June is Adopt-a-Cat Month, and here at the San Francisco SPCA, we've got all sorts of fun in store all month long! If you've been thinking about bringing a new feline friend into your life - now is the time!

For all the details, and directions to our adoption center, please visit our website

Monday, June 7, 2010

Stories from the front line...

And So....The Troops Move On.
I swear, cats are better than coffee. At least, that’s the way I choose to wake myself up in the morning. Another day, another cart load of cats found their way to the SF/SPCA.

The Feline Care Coordinator has to face the same challenge every day. Who will be the best candidates for adoption and where am I going to house them in a shelter already filled to capacity with cats and kittens? Combining the science of shelter medicine, cat behavior and the logistics of housing them appropriately, cats are taken from San Francisco Animal Care and Control (ACC) each day and moved into the San Francisco SPCA for adoption or medical recovery.

The flow never stops. There is no rhyme, no reason, no timing or predictability. Cats just keep coming in and you have to do the best you can to keep them healthy, happy and headed towards homes, no matter how tired you are, no matter what’s happening in the world around you. Animal welfare stops for no one and quite frankly, this is the life we chose. I am thankful for my place in this collective effort, every morning I hear those cries for help.

This weekend was especially heavy for intake. We took seven adult cats from ACC in just one morning, including four black cats and an injured cat that fell out of a window and suffered an apparent stab wound or impalement to the stomach. “Geez, this is going to be a long morning”, I told myself. With the onset of kitten season and the economy literally dumping cats into our shelter, the challenge is to be prepared for anything and I do mean anything!
After spending my morning at ACC evaluating cats and kittens for adoption candidacy, I push the cart full of cats across the street and back to our Shelter Medicine intake room for their first physical exam. We rule out any immediate concerns on the first day, thus paving the way for appropriate housing and care. Our Animal Care Attendants scramble to provide kennels complete with the enrichment they will need. It’s triage at its truest definition.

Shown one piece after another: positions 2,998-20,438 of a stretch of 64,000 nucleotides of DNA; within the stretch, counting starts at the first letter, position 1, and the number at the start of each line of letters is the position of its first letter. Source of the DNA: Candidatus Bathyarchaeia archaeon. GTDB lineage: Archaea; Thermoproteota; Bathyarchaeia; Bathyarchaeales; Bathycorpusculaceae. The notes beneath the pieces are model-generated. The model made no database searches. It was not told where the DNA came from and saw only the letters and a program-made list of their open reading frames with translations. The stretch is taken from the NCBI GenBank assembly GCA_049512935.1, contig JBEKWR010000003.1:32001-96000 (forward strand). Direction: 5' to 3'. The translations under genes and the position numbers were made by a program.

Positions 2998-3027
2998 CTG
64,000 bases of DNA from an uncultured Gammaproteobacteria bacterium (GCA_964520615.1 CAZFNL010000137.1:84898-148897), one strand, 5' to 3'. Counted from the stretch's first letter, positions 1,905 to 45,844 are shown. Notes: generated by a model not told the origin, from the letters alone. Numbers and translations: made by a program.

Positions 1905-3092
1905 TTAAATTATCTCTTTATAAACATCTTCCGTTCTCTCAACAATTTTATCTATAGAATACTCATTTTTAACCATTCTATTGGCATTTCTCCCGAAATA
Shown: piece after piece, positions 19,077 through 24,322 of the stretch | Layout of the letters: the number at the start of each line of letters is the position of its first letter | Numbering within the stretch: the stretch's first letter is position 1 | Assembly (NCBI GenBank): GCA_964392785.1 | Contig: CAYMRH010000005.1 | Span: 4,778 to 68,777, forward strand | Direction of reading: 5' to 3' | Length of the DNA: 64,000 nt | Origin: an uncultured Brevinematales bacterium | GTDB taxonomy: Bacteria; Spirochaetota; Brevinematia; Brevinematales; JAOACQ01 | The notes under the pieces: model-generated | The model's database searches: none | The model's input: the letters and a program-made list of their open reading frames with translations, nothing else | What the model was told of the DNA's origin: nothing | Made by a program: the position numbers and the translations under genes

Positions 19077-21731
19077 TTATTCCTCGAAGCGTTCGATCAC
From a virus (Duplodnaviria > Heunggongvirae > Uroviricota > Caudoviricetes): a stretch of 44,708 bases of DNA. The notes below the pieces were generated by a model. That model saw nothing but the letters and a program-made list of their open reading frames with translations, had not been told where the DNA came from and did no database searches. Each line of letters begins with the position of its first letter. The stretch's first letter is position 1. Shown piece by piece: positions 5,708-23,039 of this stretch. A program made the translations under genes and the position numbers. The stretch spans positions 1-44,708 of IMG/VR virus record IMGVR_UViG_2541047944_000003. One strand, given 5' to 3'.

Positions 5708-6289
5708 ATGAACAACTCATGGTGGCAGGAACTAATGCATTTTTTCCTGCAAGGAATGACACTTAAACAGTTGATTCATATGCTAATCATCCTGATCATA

Today, the room is full. The techs are stretched thin, working on treatments for our maxed out cat & dog population and still…we charge forward with seven more. Tomorrow will likely be no different then today. Bring it on.

After these cats are examined, housed and fed, its time to keep a close watch on their behavior. Sometimes cats stress out in shelter environments. Let’s face it, they were probably very comfortable in their prior home before they ended up “in the system”. Understandably, cats will stop eating, tense up and react harshly to attention in an unfamiliar setting. Sometimes you find out the hard way that cats don’t like other cats. Hmmm, now where do we house you?

As each day grows closer to adoption, we hope and pray that all our hard work pays off. Each cat deserves an army of animal lovers to help them find their way. I am proud to be a soldier in that army. The war calls to us. Every day we open our eyes in the morning. They need us. They need you.

Daniel Quagliozzi
Feline Care Coordinator
The San Francisco SPCA

You can sponsor a cat in the care of Daniel and the Feline Care team, and assist the SFSPCA in our work to place more animals, and save more lives.  Visit our website for more information.

Wednesday, June 2, 2010

Tales from a kitten foster mom...the resident cat....

Lugo is our resident cat. We got him a year ago at an animal shelter and he lives with us all the time. Cats can be very territorial, but Lugo has been quite tolerant of Onion and BBQ, watching them from a distance but mostly just ignoring them. The SPCA asks us to keep the foster kittens separate from the resident cat and we have not had any trouble with this until the day the kittens got vaccinated.

Part of my responsibility as a foster parent is to make sure the kittens get vaccinated on time and I had my appointments all lined up. I braved the rain and took the kittens in, looking forward to seeing their weight on a good scale. Onion weighed .83 grams and BBQ weighed .97 grams. BBQ weighed enough to stay for adoption, but they like to keep the kittens together as long as possible, so he will stay with us until Onion weight is up more. Both kittens have gained well and are healthy, but Onion needs to get closer to a kilo before he can be adopted.
Returning home after the vaccination, I spent a little extra time with the kittens, keeping an eye on them and comforting them like I would a child after a shot. Resident cat Lugo kept an eye on me from a distance. The day got busy after that and the kittens were doing well, so I did the things I needed to accomplish that day.
In the middle of the night, I noticed Lugo was not sleeping in his normal spot at the foot of my bed. I went to look for him and found him sleeping outside the kittens room. He was there in the morning as well. Lugo continued to act a little strange, fussing and meowing a little more than usual. It seemed like our resident cat just needed a little more attention, so we spent more time with him, sitting close, petting and playing with him, then brought out some new toys for Lugo to bat around.
Resident cat Lugo recovered and has gone back to ignoring the foster kittens and sleeps at the foot of our bed again. Over the long weekend we had a lot of visitors, all of them enjoyed Onion and BBQ at this fun stage. A couple expressed interest in adopting one or the other and that would be possible when the kittens are big enough and the paperwork is done for the SPCA.
San Francisco is a city that loves animals. At the laundromat today I met a dog adopted after the fall out from hurricane Katrina. This dog is now being trained by the SFSPCA to help special needs children. The dog that was rescued now serves to help children. Something just feels right about.

I can’t wait to see what happens with Onion and BBQ.

And of course -- gratuitous photos of the kittens!

Caught the foster kitten bug?  Learn how to get involved!